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Amy Mahan, Ph.D.

A Journey from Neuroscience to Patent Law

Wi-Stars Graduation: December 2016

Amy’s background

Amy’s passion in science was neuropsychiatry. As a graduate student at Emory University, she studied the molecular mechanisms underlying post-traumatic stress disorder. She followed the natural academic path and completed her postdoctoral training at Harvard University. While in Boston, a major hub of biomedical research and bio-pharma, Amy was exposed to opportunities beyond the research lab, giving her a broader perspective on career possibilities in science. She decided to explore alternative science careers and found a position at a law firm doing patent prosecution for biomedical clients. There, Amy was constantly exposed to new discoveries and a broad array of technologies, and she learned how the commercialization of scientific innovation works. Through this gained perspective, she realized she could see further along the path leading from bench to bedside. Amy then went back to school, this time to pursue a law degree at the University of Pennsylvania.

How she became a Wi-Star

Law school brought Amy to The Wistar Institute via the Detkin Intellectual Property Clinic at Penn Law, in which Amy was enrolled as a student-attorney and Wistar was a client. While working in the clinic, Amy was connected with Wistar’s Business Development team, who was planning to recruit a law student for an internship the following semester. Amy happened to be the perfect match, as she possessed the appropriate science and law backgrounds, so she enrolled in the Wi-Stars Program.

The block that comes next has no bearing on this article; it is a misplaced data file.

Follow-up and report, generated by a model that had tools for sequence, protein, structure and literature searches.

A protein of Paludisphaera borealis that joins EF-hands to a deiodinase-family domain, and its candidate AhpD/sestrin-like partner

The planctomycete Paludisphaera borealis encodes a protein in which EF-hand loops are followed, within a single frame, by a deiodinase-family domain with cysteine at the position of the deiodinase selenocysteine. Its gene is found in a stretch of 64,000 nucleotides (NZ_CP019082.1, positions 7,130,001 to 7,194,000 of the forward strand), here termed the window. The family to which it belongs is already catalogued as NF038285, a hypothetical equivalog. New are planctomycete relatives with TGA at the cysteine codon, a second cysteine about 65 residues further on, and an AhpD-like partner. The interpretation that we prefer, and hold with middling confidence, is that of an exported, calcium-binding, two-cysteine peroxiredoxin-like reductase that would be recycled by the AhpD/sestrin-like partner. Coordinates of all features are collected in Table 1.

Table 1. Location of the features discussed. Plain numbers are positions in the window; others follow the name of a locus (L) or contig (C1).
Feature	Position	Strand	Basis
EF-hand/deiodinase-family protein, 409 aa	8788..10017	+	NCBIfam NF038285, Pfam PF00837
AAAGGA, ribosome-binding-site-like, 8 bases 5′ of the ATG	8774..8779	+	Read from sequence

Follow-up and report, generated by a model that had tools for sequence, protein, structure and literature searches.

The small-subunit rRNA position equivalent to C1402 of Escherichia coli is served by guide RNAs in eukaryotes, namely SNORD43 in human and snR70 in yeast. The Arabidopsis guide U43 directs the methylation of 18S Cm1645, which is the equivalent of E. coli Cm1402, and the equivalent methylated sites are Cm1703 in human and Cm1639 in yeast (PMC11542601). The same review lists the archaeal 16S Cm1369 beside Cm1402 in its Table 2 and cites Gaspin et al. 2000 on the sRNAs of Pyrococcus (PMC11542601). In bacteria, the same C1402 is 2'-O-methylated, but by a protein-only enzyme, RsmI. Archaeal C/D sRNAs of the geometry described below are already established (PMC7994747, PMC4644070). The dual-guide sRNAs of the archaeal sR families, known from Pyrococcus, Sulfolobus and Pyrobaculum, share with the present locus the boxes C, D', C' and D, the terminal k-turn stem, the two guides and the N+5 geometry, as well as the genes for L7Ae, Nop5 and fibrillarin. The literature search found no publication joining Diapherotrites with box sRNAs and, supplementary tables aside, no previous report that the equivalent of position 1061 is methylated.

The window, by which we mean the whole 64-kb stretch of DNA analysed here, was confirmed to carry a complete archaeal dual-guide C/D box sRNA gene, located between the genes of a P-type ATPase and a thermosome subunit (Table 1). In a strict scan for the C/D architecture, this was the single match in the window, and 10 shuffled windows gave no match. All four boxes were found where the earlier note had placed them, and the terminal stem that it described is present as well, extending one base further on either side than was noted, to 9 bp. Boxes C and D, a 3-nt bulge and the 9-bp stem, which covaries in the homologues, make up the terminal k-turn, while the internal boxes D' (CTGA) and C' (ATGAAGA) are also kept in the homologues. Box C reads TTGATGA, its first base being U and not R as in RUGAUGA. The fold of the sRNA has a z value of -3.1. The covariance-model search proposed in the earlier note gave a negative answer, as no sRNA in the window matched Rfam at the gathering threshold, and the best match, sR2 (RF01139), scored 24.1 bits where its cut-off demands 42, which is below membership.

The Wi-Stars experience

While at Wistar, Amy helped the Business Development team deal with patent law issues by looking at specific terms and designing the language for licensing agreements. In exchange, she had the opportunity to learn more about intellectual property applications in life sciences and the commercialization of discoveries taking place at the bench. While following Wistar’s patent applications, she gained a firsthand view of Business Development’s interactions and negotiations with external companies and scientists, learning how their shared motivation shapes the licensing agreement.

“The most valuable aspect of the internship was the exposure to the whole process of developing licensing agreements and the opportunity to experience firsthand how the team strategizes their work,” said Amy. “The work at Wistar greatly helped me to develop my patent law skills and learn what part of the academic subjects I studied in law school is actually relevant to the problems that pertain this type of environment.”

Amy has a job offer at a law firm in Chicago waiting for her once she graduates and passes the Bar Examination. Thanks to the Wi-Stars internship, she has a better perspective of what her future clients expect and value in a patent lawyer.